Page:Popular Science Monthly Volume 59.djvu/190

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only a large and high university can command, is necessary to allow him the fullest development.

And this is specially so in our science of physics. In the early days of physics and chemistry, many of the fundamental experiments could be performed with the simplest apparatus. And so we often find the names of Wollaston and Faraday mentioned as needing scarcely anything for their researches. Much can even now he done with the simplest apparatus; and nobody, except the utterly incompetent, need stop for want of it. But the fact remains that one can only be free to investigate in all departments of chemistry and physics, when he not only has a complete laboratory at his command, but a friend to draw on for the expenses of each experiment. That simplest of the departments of physics, namely, astronomy, has now reached such perfection that nobody can expect to do much more in it without a perfectly equipped observatory; and even this would be useless without an income sufficient to employ a corps of assistants to make the observations and computations. But even in this simplest of physical subjects, there is great misunderstanding. Our country has very many excellent observatories: and yet little work is done in comparison, because no provision has been made for maintaining the work of the observatory; and the wealth which, if concentrated, might have made one effective observatory which would prove a benefit to astronomical science, when scattered among a half-dozen, merely furnishes telescopes for the people in the surrounding region to view the moon with. And here I strike the keynote of at least one need of our country, if she would stand well in science; and the following item which I clip from a newspaper will illustrate the matter:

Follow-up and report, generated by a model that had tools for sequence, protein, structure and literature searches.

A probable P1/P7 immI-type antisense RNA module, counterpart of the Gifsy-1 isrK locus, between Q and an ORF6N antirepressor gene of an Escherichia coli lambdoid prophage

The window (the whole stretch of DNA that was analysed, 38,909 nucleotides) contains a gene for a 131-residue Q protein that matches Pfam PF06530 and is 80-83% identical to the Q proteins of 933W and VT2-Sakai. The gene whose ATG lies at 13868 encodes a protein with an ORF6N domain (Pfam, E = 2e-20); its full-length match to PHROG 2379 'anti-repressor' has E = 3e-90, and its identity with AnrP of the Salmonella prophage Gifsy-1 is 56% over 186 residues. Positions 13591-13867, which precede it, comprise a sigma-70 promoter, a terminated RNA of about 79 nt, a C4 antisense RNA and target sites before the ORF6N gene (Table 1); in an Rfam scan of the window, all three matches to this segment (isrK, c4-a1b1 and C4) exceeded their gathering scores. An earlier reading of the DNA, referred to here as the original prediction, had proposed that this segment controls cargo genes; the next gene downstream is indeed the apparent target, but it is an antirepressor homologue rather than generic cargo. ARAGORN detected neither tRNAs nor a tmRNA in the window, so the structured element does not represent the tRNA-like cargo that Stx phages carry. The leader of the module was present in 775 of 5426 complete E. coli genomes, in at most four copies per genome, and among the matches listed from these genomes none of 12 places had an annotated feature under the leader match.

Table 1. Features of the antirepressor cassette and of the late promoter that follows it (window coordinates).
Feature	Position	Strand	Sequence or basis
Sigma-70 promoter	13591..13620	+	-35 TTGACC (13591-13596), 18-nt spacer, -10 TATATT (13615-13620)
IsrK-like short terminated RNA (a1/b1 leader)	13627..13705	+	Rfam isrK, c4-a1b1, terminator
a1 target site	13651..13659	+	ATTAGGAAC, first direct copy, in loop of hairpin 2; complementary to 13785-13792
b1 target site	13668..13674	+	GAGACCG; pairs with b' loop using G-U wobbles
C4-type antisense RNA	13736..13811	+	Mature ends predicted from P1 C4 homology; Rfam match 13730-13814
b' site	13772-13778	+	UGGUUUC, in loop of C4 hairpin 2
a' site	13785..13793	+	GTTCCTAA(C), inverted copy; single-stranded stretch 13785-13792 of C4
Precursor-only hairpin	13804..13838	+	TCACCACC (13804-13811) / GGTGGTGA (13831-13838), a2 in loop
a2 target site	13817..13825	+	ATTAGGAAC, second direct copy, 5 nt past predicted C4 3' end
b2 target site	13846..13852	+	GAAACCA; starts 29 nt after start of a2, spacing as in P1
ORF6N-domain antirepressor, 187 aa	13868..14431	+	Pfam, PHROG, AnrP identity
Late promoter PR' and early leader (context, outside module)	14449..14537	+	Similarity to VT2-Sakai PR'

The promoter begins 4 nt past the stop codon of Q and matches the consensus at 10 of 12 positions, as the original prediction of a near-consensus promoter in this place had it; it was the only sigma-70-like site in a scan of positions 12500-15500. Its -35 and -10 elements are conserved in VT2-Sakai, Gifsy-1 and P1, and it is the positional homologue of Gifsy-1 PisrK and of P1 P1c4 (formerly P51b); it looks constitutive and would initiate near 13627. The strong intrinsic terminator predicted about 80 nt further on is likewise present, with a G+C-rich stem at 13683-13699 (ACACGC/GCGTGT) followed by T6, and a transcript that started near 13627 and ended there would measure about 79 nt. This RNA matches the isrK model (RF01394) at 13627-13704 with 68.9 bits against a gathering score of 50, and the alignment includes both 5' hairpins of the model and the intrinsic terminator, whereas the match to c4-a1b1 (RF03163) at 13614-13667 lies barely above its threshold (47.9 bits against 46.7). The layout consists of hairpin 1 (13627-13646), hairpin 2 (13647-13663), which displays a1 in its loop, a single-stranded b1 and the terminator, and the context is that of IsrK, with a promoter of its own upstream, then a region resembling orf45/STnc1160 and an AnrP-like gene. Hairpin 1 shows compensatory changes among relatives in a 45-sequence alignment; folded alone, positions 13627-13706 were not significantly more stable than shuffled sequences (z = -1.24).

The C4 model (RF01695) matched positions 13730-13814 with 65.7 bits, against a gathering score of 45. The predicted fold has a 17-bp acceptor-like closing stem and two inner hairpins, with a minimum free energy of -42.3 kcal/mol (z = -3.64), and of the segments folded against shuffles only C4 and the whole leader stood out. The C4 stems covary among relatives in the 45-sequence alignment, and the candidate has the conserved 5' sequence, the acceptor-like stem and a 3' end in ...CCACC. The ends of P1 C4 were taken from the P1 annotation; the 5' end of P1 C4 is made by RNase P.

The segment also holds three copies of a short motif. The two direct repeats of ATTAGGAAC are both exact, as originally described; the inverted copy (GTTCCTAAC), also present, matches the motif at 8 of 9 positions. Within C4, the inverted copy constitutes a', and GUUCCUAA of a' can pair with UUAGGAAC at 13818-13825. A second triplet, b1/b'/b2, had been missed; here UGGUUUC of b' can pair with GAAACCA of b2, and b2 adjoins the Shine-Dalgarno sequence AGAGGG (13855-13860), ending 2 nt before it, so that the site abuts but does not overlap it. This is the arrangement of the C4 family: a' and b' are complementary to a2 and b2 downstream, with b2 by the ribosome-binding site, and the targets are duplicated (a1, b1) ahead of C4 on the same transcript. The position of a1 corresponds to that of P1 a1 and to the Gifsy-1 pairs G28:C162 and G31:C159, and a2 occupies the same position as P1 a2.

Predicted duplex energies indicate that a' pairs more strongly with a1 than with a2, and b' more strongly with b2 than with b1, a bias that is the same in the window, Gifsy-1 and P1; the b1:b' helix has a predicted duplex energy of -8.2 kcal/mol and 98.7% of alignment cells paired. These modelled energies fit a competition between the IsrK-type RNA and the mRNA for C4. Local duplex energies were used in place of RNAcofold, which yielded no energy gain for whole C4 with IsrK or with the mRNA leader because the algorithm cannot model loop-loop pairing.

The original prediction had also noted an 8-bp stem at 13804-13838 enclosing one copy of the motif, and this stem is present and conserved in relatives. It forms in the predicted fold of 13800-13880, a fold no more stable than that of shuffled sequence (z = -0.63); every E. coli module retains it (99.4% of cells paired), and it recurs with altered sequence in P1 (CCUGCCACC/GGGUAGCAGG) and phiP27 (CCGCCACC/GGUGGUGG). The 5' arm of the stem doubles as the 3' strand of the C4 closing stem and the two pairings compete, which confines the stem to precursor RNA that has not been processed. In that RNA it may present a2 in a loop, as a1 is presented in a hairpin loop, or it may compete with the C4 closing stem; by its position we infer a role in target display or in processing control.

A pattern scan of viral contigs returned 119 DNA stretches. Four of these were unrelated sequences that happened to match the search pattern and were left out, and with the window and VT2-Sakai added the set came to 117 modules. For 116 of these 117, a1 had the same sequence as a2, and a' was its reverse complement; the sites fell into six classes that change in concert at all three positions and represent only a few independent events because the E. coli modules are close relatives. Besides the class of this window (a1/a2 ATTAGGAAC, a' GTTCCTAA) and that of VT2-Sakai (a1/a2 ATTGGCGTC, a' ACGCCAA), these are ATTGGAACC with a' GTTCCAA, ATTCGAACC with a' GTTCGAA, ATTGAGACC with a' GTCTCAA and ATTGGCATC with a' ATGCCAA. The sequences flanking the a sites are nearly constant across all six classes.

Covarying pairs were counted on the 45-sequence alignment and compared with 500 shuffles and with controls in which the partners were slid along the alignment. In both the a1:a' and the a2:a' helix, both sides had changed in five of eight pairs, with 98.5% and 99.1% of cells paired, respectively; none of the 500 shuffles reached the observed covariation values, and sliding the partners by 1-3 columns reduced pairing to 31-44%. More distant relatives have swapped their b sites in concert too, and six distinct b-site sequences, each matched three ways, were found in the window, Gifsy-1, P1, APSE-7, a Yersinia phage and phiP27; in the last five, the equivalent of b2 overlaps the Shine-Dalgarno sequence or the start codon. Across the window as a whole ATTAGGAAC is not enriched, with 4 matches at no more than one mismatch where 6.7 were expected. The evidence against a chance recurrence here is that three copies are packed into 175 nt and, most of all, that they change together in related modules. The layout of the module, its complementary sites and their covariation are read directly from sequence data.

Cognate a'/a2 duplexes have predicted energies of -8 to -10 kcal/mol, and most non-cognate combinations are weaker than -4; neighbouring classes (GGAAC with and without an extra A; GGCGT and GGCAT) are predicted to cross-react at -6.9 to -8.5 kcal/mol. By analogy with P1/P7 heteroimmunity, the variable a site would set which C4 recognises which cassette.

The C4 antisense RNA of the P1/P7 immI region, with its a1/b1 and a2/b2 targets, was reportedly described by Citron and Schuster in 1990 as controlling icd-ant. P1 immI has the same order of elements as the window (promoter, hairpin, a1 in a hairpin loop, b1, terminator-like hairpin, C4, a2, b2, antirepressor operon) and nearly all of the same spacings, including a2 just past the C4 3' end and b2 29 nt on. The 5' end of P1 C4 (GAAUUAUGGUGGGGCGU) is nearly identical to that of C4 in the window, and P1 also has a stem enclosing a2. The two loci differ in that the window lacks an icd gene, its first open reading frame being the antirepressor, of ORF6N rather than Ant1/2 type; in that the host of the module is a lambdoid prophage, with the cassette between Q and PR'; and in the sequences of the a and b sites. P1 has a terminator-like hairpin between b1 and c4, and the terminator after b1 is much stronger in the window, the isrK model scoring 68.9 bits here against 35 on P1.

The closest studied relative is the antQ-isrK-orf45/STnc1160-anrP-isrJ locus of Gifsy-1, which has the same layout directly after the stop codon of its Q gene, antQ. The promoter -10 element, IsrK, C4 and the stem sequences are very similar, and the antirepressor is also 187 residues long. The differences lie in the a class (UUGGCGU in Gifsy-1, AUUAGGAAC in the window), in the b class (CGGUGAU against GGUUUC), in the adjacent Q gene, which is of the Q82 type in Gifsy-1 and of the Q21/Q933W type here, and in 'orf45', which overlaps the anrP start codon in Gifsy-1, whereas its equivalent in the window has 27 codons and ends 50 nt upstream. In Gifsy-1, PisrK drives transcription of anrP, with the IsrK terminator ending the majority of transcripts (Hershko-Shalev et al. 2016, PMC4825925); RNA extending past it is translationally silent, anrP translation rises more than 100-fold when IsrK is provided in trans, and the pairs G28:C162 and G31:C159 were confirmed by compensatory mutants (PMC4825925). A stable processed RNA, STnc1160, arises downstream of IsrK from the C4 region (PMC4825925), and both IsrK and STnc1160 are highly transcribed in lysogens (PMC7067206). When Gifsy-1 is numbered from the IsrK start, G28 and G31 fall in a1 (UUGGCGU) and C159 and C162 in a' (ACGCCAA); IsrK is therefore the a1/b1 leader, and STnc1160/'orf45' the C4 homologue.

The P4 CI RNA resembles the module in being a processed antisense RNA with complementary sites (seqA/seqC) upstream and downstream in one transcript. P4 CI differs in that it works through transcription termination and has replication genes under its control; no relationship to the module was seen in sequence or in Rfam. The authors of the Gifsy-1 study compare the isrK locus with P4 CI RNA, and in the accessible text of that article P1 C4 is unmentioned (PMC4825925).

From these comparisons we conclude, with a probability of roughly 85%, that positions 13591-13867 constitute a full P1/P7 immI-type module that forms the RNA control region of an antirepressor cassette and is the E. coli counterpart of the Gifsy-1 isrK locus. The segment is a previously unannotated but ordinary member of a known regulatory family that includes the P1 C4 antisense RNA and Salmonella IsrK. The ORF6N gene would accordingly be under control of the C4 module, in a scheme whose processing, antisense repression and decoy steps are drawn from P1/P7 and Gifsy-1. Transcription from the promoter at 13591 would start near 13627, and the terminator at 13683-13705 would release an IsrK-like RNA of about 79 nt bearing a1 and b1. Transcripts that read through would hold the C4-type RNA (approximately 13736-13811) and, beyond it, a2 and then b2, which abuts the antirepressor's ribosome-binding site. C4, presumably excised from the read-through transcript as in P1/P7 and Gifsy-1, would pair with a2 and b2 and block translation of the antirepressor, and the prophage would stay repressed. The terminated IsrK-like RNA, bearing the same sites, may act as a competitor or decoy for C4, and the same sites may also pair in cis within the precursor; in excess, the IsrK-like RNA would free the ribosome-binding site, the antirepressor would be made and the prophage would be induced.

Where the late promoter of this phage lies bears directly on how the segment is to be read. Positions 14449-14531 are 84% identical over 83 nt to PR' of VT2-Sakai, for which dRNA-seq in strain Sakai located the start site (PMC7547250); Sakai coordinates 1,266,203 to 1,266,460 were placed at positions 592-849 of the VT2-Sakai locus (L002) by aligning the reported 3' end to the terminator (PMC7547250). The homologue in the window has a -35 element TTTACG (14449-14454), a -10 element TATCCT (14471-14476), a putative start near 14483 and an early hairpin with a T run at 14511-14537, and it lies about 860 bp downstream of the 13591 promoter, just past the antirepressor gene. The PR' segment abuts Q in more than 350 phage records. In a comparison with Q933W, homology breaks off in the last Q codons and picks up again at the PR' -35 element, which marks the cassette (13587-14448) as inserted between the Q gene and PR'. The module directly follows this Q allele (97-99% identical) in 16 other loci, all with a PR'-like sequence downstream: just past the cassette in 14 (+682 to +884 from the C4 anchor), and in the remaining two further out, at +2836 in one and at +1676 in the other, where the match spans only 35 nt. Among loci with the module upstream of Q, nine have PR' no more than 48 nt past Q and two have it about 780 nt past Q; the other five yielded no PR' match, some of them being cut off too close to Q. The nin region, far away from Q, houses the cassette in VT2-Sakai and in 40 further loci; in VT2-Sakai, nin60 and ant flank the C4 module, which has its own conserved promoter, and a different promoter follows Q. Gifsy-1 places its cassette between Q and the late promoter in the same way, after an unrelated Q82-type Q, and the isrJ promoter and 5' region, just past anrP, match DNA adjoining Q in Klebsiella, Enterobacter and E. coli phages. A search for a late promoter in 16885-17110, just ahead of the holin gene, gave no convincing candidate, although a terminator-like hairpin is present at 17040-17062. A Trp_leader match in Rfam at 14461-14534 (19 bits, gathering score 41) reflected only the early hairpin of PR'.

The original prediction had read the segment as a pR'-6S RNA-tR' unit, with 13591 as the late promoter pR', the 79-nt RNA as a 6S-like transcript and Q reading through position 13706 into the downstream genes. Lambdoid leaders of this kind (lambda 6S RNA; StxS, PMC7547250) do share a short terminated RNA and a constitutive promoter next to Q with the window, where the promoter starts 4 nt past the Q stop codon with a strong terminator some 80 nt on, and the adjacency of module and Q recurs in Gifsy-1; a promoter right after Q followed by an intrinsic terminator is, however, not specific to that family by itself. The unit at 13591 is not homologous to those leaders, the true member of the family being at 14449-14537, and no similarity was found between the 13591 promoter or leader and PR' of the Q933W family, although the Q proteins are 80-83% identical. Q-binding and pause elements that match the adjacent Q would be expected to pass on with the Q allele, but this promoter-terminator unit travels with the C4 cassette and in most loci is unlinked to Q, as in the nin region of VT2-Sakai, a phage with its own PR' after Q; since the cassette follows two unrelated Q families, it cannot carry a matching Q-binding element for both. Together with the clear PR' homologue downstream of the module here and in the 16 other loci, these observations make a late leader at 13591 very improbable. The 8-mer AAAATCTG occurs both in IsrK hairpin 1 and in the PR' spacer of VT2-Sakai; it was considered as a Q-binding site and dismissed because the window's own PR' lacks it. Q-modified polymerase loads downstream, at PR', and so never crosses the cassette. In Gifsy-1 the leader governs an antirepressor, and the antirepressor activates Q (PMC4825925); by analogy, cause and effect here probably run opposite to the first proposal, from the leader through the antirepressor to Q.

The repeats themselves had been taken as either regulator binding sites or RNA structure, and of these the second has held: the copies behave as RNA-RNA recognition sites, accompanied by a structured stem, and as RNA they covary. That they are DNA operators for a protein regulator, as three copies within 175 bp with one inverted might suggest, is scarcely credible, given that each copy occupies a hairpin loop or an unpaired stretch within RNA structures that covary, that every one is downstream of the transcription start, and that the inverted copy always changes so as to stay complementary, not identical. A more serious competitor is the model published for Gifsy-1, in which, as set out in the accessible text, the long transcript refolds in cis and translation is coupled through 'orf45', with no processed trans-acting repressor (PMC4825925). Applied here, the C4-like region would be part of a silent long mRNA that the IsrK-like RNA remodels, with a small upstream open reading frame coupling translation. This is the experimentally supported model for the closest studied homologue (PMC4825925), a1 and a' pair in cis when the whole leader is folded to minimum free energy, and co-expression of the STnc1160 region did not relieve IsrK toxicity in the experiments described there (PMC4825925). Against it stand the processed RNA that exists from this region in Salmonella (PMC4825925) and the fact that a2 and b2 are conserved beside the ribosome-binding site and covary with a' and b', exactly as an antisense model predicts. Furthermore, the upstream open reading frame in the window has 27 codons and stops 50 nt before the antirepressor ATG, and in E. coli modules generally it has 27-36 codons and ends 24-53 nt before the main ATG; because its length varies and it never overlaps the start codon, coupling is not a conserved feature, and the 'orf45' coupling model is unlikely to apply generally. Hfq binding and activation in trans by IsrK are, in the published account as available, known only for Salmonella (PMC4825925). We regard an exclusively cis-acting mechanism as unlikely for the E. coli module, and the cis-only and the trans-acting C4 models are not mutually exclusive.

"The eccentric old Canadian, Arunah Huntington, who left $300,000 to be divided among the public schools of Vermont, has done something which will be of little practical value to the schools. Each district will be entitled to the insignificant sum of $10, which will not advance much the cause of education."

Nobody will dispute the folly of such a bequest, or the folly of filling the country with telescopes to look at the moon, and calling them observatories. How much better to concentrate the wealth into a few parcels, and make first-class observatories and institutions with it!

Is it possible that any of our four hundred colleges and universities have love enough of learning to unite with each other and form larger institutions? Is it possible that any have such a love of truth that they are willing to be called by their right name? I fear not; for the spirit of expectation, which is analogous to the spirit of gambling, is strong in the American breast, and each institution which now, except in name, slumbers in obscurity, expects in time to bloom out into full prosperity. Although many of them are under religious influence,